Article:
Since President Obama was at KU a few months ago, we've had a lot of time to think about the proposal for free community college, and whether or not it would improve higher education as a path to economic mobility, particularly for the most disadvantaged students who, today, cluster in two-year institutions and who would, of course, be more sensitive to changes in price.
And, while certainly taking cost out of the higher education equation has some appeal, our conclusion at the time is the same as today and, notably, the same as some other voices in the higher education arena:
Not only would making community college free not solve the problems poor students face in trying to use higher education as a platform for upward mobility (it wouldn't, for example, address their need for living expenses while in school, or get them the advanced degrees that correlate most closely with economic opportunities), but it could actually make educational inequities worse, by funneling low-income children to schools with poorer completion outcomes, just because of their affordability. This dynamic and its corollary--with economically-advantaged students able to select institutions and degree paths based on criteria other than cost--could exacerbate the 'two-tiered' divide in higher education...all while presenting a facade of having addressed the issues of college access, affordability, and attainment.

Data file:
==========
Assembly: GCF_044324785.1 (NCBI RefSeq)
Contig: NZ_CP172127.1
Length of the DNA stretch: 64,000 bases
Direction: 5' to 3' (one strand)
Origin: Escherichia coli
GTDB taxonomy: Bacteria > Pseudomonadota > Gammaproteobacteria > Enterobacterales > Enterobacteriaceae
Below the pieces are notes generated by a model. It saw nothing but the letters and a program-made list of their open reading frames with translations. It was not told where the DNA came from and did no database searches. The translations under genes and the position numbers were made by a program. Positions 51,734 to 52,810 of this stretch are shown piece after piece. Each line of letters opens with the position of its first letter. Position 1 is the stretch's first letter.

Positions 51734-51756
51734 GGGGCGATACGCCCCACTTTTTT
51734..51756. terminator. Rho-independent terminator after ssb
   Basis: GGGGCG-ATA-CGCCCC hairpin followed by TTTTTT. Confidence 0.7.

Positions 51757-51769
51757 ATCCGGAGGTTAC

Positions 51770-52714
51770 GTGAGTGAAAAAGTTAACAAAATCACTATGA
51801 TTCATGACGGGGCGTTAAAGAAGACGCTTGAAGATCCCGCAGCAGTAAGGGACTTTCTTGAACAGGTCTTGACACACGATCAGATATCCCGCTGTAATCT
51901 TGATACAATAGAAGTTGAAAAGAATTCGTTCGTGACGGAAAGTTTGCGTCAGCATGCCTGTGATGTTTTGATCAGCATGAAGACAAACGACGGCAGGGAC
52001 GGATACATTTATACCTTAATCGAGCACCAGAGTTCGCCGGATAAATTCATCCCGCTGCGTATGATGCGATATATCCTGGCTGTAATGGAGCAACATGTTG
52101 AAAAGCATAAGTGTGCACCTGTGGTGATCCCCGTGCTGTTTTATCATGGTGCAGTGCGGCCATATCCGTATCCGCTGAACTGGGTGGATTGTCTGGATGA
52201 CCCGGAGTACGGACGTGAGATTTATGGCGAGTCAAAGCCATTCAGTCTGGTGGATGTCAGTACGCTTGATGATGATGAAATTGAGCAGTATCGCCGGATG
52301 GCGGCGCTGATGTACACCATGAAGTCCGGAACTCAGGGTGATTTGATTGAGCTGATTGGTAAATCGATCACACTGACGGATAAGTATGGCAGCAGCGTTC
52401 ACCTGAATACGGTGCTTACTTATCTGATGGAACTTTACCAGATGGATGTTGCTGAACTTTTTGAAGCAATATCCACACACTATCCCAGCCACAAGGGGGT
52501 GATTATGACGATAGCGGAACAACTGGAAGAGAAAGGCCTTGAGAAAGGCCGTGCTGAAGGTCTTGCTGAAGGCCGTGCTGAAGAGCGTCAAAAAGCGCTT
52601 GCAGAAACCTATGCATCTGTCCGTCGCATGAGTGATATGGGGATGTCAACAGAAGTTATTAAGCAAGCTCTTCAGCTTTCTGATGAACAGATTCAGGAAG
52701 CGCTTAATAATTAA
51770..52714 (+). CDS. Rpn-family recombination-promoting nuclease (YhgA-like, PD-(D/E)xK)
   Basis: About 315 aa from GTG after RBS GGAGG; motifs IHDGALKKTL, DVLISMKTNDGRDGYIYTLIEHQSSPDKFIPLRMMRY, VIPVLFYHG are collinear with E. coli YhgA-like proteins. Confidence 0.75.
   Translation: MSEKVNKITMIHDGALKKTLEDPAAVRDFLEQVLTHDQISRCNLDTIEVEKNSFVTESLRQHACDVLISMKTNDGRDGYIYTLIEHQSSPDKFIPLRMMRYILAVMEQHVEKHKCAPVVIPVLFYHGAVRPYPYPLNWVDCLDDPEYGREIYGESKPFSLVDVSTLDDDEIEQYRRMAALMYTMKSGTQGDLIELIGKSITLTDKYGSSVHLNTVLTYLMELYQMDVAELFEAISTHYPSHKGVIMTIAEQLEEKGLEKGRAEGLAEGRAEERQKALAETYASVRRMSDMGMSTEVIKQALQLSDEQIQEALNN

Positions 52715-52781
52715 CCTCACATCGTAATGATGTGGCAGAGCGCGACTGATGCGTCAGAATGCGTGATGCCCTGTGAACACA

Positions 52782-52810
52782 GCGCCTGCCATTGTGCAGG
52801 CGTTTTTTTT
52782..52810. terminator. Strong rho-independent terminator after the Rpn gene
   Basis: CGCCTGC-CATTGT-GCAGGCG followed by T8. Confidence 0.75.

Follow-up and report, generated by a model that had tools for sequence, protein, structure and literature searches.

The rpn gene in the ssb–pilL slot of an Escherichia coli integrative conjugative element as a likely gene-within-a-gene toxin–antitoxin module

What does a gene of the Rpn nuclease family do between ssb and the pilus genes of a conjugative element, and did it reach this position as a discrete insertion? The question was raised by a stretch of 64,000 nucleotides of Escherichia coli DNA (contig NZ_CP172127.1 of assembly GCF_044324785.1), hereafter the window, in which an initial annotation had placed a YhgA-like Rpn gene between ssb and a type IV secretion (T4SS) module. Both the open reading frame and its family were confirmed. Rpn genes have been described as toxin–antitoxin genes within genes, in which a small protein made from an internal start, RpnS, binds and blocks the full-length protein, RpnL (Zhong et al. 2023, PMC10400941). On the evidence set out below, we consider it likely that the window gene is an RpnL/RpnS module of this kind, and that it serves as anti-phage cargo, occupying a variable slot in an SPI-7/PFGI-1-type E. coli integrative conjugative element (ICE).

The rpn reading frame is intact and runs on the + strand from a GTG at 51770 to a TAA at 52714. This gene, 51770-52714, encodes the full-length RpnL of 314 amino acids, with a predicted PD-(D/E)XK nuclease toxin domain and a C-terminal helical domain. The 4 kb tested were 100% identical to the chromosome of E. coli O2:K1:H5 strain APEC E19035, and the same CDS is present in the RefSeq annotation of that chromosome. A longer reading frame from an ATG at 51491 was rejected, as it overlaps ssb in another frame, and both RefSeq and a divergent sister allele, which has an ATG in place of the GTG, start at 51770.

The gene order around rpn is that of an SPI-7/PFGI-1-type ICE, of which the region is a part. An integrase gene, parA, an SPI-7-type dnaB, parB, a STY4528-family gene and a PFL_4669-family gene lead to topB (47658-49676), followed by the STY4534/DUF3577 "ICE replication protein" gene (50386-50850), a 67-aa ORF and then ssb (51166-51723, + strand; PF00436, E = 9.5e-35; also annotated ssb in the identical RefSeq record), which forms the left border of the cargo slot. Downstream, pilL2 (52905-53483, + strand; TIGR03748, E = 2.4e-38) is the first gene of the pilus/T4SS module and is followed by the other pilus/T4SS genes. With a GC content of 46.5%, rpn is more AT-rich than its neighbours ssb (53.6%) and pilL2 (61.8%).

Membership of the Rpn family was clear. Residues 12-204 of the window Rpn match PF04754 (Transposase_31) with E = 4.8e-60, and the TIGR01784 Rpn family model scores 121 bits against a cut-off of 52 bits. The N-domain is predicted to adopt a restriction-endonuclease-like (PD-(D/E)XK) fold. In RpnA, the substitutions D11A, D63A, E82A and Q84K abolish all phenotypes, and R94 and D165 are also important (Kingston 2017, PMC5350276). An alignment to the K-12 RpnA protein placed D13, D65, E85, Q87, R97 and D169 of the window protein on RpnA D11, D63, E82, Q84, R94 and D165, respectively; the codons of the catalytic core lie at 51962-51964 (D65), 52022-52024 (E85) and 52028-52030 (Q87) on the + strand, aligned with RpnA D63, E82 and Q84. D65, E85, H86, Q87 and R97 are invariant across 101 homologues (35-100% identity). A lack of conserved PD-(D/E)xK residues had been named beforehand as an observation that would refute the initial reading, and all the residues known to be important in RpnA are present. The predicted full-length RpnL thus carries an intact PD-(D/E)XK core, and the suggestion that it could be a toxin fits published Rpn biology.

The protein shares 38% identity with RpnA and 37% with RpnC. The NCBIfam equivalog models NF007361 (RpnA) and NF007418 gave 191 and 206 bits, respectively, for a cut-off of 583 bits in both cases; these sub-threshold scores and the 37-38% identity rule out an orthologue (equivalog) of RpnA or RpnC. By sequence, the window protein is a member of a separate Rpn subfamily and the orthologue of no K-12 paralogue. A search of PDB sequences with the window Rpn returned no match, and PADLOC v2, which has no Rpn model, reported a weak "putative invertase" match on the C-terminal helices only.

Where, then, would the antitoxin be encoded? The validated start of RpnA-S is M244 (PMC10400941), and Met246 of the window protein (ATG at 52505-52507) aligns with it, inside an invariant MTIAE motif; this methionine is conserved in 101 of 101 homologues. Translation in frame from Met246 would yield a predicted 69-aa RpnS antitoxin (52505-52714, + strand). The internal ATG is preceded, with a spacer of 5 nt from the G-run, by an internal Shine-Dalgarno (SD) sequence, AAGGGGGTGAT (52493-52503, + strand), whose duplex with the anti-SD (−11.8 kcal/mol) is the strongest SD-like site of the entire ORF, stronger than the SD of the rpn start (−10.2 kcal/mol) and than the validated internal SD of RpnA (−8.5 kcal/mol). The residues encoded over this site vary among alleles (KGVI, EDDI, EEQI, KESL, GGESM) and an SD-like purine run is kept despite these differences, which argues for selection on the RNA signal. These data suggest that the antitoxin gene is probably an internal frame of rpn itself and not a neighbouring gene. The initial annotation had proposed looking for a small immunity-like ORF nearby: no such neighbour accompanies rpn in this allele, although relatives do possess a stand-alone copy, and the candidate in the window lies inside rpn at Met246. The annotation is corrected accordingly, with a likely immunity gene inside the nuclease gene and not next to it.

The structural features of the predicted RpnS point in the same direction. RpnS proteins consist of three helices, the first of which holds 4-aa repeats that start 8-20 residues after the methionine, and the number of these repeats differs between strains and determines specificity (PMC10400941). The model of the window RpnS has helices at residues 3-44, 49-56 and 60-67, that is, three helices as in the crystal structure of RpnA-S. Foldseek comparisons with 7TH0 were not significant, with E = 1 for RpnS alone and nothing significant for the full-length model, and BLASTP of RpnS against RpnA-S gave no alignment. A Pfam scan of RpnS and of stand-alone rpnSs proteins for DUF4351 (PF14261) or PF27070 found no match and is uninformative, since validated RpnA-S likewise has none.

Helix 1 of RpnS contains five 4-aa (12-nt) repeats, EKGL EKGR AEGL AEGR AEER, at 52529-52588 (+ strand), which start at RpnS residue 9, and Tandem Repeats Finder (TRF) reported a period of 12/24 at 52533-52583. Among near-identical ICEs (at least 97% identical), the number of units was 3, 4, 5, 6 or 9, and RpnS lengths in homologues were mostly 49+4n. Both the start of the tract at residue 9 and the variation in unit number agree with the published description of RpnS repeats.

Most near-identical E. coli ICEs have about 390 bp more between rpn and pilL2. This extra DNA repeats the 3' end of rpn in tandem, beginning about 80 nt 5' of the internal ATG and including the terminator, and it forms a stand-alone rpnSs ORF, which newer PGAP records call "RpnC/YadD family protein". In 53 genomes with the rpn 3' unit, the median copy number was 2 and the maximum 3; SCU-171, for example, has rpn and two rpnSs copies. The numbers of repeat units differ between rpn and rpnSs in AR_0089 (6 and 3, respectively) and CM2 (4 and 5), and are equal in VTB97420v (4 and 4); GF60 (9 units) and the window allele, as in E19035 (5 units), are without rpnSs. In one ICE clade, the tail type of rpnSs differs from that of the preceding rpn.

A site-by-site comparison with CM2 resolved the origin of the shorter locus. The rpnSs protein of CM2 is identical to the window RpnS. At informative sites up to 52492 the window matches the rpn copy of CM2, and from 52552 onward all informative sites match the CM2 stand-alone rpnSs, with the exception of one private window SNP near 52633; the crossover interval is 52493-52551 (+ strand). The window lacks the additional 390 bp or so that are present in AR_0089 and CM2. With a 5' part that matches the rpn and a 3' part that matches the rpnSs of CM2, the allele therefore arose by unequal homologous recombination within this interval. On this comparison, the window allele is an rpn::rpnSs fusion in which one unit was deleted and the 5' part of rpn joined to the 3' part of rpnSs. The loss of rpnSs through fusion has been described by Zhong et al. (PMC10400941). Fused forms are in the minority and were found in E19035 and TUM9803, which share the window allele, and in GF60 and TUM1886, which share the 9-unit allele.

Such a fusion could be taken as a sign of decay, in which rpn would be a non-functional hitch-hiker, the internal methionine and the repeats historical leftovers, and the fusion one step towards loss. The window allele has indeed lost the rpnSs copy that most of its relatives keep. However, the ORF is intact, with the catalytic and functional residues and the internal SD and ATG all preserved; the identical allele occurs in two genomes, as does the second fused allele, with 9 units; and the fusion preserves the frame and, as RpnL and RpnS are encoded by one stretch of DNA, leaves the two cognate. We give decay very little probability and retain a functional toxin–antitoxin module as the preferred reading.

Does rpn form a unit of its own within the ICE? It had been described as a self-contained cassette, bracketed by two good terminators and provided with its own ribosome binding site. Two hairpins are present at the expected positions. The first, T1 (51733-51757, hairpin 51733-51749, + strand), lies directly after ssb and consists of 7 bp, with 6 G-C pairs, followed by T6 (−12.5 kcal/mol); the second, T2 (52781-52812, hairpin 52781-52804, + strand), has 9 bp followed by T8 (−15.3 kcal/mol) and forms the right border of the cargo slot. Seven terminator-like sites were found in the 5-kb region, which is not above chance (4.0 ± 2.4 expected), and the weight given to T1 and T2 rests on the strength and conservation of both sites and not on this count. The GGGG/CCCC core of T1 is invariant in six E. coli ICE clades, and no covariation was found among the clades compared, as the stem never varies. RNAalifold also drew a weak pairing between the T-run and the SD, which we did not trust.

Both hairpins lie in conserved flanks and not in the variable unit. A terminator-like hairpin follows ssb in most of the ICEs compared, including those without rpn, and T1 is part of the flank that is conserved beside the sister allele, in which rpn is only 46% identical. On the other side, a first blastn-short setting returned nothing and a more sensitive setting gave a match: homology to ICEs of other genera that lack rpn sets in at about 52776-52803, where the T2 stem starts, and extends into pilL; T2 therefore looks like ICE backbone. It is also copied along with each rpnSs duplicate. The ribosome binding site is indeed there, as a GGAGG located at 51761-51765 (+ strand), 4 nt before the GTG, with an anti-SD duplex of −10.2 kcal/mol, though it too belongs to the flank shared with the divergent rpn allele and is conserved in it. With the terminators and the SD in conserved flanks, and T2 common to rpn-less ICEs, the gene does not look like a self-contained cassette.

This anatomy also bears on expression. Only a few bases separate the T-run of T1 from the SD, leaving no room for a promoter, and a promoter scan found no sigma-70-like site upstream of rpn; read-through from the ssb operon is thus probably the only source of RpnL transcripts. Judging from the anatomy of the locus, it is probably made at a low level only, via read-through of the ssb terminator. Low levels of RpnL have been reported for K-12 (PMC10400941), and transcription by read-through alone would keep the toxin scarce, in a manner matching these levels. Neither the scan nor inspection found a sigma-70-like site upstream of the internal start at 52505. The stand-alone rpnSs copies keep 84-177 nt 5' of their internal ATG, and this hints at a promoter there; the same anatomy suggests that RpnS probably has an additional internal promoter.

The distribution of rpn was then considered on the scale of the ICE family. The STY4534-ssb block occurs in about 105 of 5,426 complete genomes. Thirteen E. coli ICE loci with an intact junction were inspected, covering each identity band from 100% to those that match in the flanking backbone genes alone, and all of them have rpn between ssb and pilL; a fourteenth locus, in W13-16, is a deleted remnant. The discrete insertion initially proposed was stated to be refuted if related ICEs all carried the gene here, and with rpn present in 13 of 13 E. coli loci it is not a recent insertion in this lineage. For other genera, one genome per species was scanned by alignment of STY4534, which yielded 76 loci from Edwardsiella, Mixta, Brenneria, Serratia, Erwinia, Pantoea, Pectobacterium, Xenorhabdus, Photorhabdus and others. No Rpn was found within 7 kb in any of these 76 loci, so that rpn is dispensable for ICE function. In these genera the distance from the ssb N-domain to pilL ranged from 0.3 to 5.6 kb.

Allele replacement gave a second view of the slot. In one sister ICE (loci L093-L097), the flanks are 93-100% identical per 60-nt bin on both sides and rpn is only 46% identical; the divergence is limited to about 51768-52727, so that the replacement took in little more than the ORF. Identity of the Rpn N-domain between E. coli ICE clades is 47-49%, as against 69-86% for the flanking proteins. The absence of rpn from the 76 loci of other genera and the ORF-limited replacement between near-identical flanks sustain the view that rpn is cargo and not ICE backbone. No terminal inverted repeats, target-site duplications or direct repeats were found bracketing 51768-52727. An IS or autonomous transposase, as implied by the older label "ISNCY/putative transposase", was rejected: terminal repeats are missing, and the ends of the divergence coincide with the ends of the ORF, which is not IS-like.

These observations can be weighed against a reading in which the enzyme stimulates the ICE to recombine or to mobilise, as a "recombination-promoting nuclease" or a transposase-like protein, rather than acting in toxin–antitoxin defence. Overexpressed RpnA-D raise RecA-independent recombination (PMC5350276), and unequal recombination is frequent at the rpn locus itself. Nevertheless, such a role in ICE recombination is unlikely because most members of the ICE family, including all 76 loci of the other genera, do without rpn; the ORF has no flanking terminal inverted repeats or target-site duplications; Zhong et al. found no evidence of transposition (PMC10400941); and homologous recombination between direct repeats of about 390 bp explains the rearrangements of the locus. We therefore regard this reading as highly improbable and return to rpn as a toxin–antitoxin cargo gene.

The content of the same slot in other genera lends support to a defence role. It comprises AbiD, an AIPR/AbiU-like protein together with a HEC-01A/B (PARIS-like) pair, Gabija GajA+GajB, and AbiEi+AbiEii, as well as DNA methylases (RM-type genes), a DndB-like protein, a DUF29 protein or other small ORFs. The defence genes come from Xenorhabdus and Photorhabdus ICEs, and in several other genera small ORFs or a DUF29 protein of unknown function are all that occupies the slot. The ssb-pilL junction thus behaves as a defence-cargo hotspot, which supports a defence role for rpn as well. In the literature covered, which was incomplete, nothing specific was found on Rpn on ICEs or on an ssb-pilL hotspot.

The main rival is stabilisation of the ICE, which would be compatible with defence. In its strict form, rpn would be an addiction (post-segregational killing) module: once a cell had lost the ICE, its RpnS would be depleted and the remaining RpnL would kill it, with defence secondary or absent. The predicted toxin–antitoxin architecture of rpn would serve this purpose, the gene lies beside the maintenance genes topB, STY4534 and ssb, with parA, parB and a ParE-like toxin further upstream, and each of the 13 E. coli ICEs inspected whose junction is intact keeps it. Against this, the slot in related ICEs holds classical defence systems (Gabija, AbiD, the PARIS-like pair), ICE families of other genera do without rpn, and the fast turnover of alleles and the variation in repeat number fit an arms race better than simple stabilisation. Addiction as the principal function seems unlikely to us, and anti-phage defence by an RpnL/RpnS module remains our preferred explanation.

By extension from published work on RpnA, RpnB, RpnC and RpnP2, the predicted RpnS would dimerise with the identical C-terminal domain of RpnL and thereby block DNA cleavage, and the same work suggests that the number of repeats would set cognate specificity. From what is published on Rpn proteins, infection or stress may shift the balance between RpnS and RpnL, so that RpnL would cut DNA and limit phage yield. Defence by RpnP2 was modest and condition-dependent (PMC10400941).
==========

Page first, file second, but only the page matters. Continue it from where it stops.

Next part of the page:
We can still applaud a conversation that acknowledges the need for bold--even radical--changes to higher education financing. We appreciate the shift in the conversation away from tinkering with repayment conditions to challenging the premise that education should equal debt, in the first place. And, at the same time, we believe that this particular policy change isn't the cure for what needs to be fixed, in higher education generally and financial aid, specifically. Instead, we should focus on helping children cultivate college-saving identities, building asset foundations that prepare them financially and academically to achieve, commensurate with all their peers, not just those from the same family income quintile.
A universal, progressive, lifelong Children's Savings Account policy isn't only more likely to succeed in restoring education as an arbiter of equity and catalyst of mobility, however; it's also likely less expensive than making college free for all students, and far more aligned with prevailing U.S. policy preferences.
For every student, seeking every degree, at every type of postsecondary institution, it's time to #save4ed.